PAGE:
TABLE OF CONTENTS
LETTER FROM THE BOARD OF DIRECTORS
- Archive of Our Own
- Legal Advocacy
- Open Doors
- Transformative Works and Cultures
- Fundraising and Outreach
- Communication and Public Relations
- People and Planning
- Statement of Financial Position
- Statement of Activities
- Function Expenses
- Program Expenses
- Notes to Financial Statements
THE OTW: MISSION, VISION & VALUES
- Our Mission
- Our Vision
- Our Values
ABOUT THE OTW: WHO WE ARE
- Board of Directors
- Emerita Board Members
LETTER FROM THE BOARD OF DIRECTORS
Dear OTW donors, supporters, and volunteers,
2016 has seen a successful continuation of our organization’s progress towards its goals and expansion of its projects. The Organization for Transformative Works perseveres in our mission to protect the interests of fans and to preserve and provide access to fanworks and fan cultures.
- Our Legal team participated in numerous petitions, comments, and amicus briefs around the world in defense of copyright fair use, workable Internet policies, and freedom of expression, while also helping fans to better understand their rights and answering questions related to copyright and other topics.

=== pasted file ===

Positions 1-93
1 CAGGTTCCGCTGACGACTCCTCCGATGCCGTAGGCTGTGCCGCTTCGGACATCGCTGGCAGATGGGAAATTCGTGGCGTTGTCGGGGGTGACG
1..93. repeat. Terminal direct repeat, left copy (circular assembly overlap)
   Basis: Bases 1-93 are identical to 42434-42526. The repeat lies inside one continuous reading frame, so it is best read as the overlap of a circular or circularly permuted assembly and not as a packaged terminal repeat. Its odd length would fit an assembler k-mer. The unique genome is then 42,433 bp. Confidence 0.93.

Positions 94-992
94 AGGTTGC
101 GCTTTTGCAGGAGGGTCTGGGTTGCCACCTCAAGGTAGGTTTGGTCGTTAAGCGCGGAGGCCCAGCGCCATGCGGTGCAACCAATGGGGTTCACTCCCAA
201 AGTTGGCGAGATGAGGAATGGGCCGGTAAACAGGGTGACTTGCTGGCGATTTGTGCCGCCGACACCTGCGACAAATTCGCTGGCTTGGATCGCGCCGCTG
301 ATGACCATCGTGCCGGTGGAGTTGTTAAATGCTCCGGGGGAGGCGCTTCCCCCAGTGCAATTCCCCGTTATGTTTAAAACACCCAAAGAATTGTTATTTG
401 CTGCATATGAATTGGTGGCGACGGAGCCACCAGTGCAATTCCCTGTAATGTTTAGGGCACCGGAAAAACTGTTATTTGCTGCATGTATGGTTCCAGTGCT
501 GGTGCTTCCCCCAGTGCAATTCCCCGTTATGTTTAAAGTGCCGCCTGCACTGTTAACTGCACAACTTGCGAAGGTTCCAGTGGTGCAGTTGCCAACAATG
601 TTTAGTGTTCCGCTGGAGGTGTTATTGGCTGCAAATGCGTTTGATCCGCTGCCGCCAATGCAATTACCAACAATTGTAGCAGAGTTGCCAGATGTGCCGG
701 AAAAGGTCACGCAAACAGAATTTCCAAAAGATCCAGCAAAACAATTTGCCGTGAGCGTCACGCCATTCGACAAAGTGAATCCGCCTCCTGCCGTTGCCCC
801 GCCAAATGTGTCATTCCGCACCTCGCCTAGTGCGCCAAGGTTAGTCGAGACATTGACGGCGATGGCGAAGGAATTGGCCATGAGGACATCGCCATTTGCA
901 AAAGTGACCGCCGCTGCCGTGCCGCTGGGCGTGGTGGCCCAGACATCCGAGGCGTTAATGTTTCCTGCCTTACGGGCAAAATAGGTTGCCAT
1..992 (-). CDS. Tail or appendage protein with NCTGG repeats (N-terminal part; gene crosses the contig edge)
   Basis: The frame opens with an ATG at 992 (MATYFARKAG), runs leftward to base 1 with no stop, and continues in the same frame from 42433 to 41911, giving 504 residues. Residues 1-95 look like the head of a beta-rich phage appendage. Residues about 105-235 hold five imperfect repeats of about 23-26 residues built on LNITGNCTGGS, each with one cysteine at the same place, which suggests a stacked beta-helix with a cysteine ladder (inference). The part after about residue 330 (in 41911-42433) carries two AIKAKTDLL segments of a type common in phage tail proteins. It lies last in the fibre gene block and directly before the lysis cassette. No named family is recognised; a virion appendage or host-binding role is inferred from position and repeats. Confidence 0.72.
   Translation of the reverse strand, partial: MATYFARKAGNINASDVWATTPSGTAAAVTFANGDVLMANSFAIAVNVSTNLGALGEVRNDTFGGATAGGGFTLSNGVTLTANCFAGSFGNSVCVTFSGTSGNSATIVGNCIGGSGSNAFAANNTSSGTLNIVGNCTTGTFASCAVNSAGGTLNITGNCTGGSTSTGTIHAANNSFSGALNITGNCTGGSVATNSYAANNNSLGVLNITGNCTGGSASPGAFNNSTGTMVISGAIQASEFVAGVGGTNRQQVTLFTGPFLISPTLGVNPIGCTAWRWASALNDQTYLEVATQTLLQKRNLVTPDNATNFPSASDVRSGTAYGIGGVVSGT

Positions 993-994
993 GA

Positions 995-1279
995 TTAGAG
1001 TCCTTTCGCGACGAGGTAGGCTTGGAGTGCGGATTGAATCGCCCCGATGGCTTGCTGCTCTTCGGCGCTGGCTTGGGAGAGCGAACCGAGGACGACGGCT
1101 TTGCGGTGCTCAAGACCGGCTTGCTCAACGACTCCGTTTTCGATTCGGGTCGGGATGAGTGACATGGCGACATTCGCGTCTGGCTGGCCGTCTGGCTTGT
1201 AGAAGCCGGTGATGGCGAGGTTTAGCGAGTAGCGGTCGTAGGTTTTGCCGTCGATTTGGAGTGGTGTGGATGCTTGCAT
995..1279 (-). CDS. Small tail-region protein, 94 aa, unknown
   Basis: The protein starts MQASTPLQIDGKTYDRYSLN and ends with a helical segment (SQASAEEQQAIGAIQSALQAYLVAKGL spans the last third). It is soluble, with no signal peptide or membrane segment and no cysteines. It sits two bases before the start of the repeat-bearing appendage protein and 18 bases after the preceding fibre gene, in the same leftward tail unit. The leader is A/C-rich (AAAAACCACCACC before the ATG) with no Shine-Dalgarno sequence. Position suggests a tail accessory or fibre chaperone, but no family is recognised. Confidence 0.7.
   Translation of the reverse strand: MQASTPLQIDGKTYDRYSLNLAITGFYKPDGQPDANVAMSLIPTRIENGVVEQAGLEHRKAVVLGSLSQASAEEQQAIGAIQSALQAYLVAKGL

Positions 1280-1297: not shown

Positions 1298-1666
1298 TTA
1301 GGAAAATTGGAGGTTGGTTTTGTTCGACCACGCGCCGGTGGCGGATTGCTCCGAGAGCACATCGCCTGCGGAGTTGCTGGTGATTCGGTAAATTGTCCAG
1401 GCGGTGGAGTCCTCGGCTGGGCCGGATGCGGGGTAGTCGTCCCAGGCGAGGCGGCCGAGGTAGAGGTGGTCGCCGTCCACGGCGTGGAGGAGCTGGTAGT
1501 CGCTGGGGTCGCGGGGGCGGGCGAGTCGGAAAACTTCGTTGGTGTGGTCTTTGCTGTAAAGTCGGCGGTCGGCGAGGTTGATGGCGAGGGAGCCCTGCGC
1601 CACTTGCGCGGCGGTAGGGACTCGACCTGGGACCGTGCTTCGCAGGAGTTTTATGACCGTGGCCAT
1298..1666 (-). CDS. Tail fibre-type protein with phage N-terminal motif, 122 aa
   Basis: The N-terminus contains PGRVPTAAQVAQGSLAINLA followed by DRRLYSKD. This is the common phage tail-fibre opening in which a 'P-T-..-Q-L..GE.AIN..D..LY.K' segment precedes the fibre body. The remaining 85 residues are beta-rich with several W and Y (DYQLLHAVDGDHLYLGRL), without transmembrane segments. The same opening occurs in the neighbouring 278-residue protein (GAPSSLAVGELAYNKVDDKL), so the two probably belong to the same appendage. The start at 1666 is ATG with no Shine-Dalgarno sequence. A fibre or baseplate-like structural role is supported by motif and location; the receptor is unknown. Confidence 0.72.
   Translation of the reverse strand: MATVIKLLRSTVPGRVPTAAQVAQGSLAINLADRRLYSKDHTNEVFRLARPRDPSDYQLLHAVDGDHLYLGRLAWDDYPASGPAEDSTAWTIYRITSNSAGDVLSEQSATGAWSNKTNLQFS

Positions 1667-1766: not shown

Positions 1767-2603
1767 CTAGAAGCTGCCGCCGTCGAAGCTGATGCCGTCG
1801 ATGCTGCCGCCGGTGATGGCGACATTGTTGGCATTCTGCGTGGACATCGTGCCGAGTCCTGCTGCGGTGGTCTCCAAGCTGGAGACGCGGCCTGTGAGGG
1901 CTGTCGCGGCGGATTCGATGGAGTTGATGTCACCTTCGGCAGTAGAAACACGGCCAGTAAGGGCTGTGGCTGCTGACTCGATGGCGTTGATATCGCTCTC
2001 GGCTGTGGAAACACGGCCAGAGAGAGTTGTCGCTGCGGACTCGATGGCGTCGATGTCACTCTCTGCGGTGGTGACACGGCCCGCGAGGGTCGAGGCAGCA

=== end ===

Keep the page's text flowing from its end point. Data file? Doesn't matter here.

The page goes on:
- Transformative Works and Cultures published two new issues in 2016, expanding its scope with an issue on Classic literature. The journal’s editors and editorial board continue to represent the journal and the OTW at academic conferences worldwide.
- The Archive of Our Own continues its impressive growth: it is fast approaching 3 million works and has more than 1 million users in nearly 25,000 fandoms.
- Open Doors imported nine archives in 2016.
- Fanlore passed the 40,000-article mark, and keeps growing steadily, with a community of dedicated editors.
All these accomplishments show how much our volunteers can do with your support and generosity. We have once again raised a record amount in donations, and we hope to put it to good use in the coming year to serve fans and fandom.
We started 2016 with an entirely new Board of Directors who took up the challenges of steering a growing organization while creating much-needed documentation for Board roles. We are planning for the future so that we can maintain a strong and united organization that is prepared to deal with the challenges ahead.